Hiring and Growth

New Hire Reporting: Registering New Employees With the State

Barbara C. Neff  
colleagues smiling and shaking hands

Whether you’re starting a new business, or you’ve been hiring for years, you’re legally required to register any new employees with the state—and failure to do so can lead to monetary penalties. 

The Personal Responsibility and Work Opportunity Reconciliation Act (PRWORA), also known as welfare reform, requires all employers to report certain information on their newly hired employees to a designated state agency. New hire reporting calls for a little bit of preparation and some new hire paperwork, but don’t fret!  We’ll walk you through how to do it below.

(In this article you’ll see the phrase “register your new hire” or “report your new hire.” These mean the same thing and are used interchangeably throughout the article.)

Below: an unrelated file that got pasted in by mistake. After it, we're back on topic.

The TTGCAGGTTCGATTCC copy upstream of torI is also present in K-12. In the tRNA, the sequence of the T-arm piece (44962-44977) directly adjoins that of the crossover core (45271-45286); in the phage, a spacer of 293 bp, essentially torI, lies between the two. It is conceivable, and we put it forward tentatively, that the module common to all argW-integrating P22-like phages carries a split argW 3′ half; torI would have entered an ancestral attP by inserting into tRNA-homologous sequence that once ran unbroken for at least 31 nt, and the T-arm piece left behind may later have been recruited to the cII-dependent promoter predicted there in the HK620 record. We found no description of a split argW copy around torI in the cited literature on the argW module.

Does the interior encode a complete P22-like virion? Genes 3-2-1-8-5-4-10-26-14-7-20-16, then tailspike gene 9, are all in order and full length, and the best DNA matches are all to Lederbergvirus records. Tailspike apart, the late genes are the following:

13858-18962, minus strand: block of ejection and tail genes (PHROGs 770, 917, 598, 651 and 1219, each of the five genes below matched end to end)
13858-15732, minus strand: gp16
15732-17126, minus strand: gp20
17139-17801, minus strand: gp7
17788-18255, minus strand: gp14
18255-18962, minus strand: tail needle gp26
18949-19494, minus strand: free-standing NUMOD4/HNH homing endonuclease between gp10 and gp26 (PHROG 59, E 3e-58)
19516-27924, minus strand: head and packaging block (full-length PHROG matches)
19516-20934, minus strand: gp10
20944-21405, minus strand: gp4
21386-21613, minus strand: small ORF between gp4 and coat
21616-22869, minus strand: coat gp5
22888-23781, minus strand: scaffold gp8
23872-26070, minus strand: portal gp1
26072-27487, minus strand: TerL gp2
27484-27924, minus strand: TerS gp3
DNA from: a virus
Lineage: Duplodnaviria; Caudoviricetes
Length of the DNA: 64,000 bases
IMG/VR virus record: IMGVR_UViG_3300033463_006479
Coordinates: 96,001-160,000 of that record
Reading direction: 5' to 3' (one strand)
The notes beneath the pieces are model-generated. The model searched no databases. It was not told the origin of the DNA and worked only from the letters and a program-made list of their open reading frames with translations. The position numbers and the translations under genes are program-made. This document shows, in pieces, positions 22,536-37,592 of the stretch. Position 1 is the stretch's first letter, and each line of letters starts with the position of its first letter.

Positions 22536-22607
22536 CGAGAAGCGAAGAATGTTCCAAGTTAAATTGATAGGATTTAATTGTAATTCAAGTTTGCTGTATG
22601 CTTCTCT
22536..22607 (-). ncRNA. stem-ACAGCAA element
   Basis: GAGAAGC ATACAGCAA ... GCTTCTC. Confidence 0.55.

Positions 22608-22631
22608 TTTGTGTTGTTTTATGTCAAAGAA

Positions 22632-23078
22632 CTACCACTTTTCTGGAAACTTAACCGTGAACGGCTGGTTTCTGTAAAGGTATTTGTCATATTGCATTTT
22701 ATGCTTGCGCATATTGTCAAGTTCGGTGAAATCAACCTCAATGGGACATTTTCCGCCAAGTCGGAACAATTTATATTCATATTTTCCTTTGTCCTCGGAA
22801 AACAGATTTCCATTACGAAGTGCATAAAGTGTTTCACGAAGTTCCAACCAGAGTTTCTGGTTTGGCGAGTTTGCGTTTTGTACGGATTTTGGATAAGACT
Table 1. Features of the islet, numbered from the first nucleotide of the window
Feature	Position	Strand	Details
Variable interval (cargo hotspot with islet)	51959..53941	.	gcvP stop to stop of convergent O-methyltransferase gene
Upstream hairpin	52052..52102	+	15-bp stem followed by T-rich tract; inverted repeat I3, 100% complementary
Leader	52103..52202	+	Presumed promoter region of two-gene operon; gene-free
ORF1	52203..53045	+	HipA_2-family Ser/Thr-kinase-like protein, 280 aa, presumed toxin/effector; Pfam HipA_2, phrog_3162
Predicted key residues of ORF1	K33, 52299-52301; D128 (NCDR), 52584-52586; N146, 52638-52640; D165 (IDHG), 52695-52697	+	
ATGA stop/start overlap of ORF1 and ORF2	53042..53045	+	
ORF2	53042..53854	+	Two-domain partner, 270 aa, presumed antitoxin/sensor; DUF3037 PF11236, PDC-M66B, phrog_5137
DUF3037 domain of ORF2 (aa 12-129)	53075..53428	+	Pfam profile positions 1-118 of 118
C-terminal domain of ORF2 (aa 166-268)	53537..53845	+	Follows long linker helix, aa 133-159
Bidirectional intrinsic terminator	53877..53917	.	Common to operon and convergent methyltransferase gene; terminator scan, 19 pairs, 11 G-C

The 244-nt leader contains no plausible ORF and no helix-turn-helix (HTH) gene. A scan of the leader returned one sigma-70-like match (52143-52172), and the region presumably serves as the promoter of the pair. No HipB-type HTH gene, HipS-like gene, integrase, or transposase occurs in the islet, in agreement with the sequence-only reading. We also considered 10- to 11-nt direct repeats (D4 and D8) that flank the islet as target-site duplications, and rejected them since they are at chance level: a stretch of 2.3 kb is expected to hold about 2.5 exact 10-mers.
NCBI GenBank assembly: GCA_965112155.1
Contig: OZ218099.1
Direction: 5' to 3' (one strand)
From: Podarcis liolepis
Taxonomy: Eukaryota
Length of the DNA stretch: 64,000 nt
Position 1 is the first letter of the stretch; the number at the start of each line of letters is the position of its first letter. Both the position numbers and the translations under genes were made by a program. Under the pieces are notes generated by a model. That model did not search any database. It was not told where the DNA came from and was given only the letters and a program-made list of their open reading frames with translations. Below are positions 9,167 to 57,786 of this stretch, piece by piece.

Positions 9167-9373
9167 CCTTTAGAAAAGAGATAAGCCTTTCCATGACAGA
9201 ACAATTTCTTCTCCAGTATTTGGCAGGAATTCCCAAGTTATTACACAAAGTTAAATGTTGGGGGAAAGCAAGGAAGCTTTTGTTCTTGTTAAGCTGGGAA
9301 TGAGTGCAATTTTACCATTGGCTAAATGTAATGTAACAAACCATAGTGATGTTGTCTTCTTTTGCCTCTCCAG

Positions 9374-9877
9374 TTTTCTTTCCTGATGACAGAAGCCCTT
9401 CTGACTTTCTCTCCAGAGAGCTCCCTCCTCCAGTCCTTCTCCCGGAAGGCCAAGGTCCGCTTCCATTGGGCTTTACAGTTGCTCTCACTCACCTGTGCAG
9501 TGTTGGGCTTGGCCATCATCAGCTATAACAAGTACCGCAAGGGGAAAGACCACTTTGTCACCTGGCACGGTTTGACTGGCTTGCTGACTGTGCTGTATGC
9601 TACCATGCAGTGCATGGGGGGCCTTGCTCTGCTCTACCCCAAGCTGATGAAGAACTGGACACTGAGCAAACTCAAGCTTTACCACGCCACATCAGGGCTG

Are you a Gustomer? Our partner CorpNet will take care of registering your employees in the proper state. See here for more details.

Who is considered a “new hire” for reporting purposes?

The reporting requirement applies to an employee who:

  • You haven’t previously employed, or
  • You have previously employed—but haven’t employed for at least 60 consecutive days.

Why does the government require employers to report new hires? 

The government uses this information for multiple purposes, including the following: 

  • To help track down parents who owe child support but are living in different states than their children
  • To detect and prevent fraudulent payments under programs like workers’ compensation and unemployment insurance compensation, as well as various forms of public assistance (like food stamps and Medicaid)